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Sainz scythes through the Swedish snow

9 February 2001

Carlos Sainz didn't put a foot wrong in the opening six stages of Rally Sweden, giving the Spaniard the overnight lead by over 13secs.

Drivers were treated to near-perfect winter rally conditions on the opening day's action of the International Swedish Rally, the second round of the FIA World Rally Championship. Snowfalls yesterday created high banks along the side of the stages, allowing the sport's top stars to use every inch of the road - and more besides - as they fought for seconds.

Ford's Carlos Sainz started the day cautiously but after gaining confidence in the best conditions seen on the rally for many years, he soon eased into the consistent style which is his trademark. On the day's final four stages the 38-year-old Madrid-based pilot was never outside the top three times, moving his Focus RS into the lead on the penultimate test.

''I've never known the Swedish Rally to be so nice,'' said Sainz. ''It's been enjoyable to drive in these conditions and we've had a good day. It's not been easy running second on the road because there was a little loose snow which we were clearing away for the benefit of those behind. It's good to be first but perhaps not so good to be first on the road tomorrow although so long as it doesn't snow again tonight, conditions should be OK. The car has run well and I have a good feeling with it.''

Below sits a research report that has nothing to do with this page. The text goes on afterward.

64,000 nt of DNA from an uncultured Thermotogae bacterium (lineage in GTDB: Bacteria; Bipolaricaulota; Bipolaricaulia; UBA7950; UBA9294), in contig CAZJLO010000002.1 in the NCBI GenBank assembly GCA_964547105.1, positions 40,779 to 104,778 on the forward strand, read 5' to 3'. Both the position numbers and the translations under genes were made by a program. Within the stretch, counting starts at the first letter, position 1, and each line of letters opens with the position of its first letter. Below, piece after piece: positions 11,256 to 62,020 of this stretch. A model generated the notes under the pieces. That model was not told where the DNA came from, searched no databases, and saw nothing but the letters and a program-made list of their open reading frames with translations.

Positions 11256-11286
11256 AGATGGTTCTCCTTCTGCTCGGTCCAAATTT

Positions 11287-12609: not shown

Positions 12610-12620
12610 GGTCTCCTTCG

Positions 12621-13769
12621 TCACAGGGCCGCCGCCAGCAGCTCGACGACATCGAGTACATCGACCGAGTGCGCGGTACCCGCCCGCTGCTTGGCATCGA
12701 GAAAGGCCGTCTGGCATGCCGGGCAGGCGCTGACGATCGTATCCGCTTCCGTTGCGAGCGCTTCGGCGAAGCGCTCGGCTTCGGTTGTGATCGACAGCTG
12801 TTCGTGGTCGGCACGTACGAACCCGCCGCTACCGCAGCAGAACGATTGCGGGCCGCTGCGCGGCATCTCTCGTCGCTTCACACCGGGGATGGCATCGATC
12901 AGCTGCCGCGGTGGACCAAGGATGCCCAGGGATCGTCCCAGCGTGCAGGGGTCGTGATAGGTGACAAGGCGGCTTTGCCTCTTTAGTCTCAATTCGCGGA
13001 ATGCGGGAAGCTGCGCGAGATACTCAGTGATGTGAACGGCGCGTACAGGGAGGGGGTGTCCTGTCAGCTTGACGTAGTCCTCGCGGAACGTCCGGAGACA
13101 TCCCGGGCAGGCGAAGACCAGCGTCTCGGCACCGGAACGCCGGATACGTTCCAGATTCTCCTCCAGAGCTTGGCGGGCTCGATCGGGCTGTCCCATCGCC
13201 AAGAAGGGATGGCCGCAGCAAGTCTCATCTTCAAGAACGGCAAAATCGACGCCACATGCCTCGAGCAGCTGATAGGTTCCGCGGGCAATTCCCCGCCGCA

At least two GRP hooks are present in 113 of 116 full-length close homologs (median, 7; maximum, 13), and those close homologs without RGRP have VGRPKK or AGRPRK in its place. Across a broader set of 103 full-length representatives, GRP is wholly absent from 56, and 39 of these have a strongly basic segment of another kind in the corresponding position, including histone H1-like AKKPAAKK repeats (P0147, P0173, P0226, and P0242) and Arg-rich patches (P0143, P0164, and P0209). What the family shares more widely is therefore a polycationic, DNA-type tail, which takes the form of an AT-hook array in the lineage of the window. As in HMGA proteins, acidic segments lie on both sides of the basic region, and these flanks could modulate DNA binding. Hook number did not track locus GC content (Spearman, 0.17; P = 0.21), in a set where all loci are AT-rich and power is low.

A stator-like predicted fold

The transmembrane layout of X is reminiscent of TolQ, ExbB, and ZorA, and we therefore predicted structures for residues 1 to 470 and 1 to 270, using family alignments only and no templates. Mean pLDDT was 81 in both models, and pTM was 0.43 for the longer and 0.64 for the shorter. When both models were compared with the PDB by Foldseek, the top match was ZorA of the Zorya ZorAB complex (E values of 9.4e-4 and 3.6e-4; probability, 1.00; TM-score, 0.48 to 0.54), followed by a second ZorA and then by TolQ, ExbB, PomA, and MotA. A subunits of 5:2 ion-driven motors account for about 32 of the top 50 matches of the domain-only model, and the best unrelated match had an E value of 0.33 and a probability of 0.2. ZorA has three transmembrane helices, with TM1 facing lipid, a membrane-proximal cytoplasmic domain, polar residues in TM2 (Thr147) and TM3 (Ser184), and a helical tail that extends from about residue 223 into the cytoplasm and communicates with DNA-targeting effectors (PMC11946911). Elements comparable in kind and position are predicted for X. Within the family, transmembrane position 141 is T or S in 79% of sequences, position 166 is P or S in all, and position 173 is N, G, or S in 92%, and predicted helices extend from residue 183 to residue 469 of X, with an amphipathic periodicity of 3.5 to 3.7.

McRae and Grist started strongly and were second after the first two stages.
However, the British pair clipped a snowbank in the following test and spent an agonising 5min 30sec trying to manhandle their Focus RS out of the by now soft snow. Undaunted, they went on to set fastest time on each of the last three stages, at astonishingly high average speeds of 118kph, 116kph and 118kph respectively. They returned to the rally base in Karlstad 20th, 4min 37.8sec behind Sainz.

''We ran wide on a bend and just clipped the bank,'' said 32-year-old McRae. ''Because other cars had already hit it, the snow was quite loose and the car simply became stuck. Spectators helped push us out but it was very frustrating, especially as our times later show just what the Focus RS is capable of achieving. We've been pushing hard this afternoon and tomorrow I'll be quite happy to continue setting fastest times but I must stay out of the snowbanks,'' he added ruefully.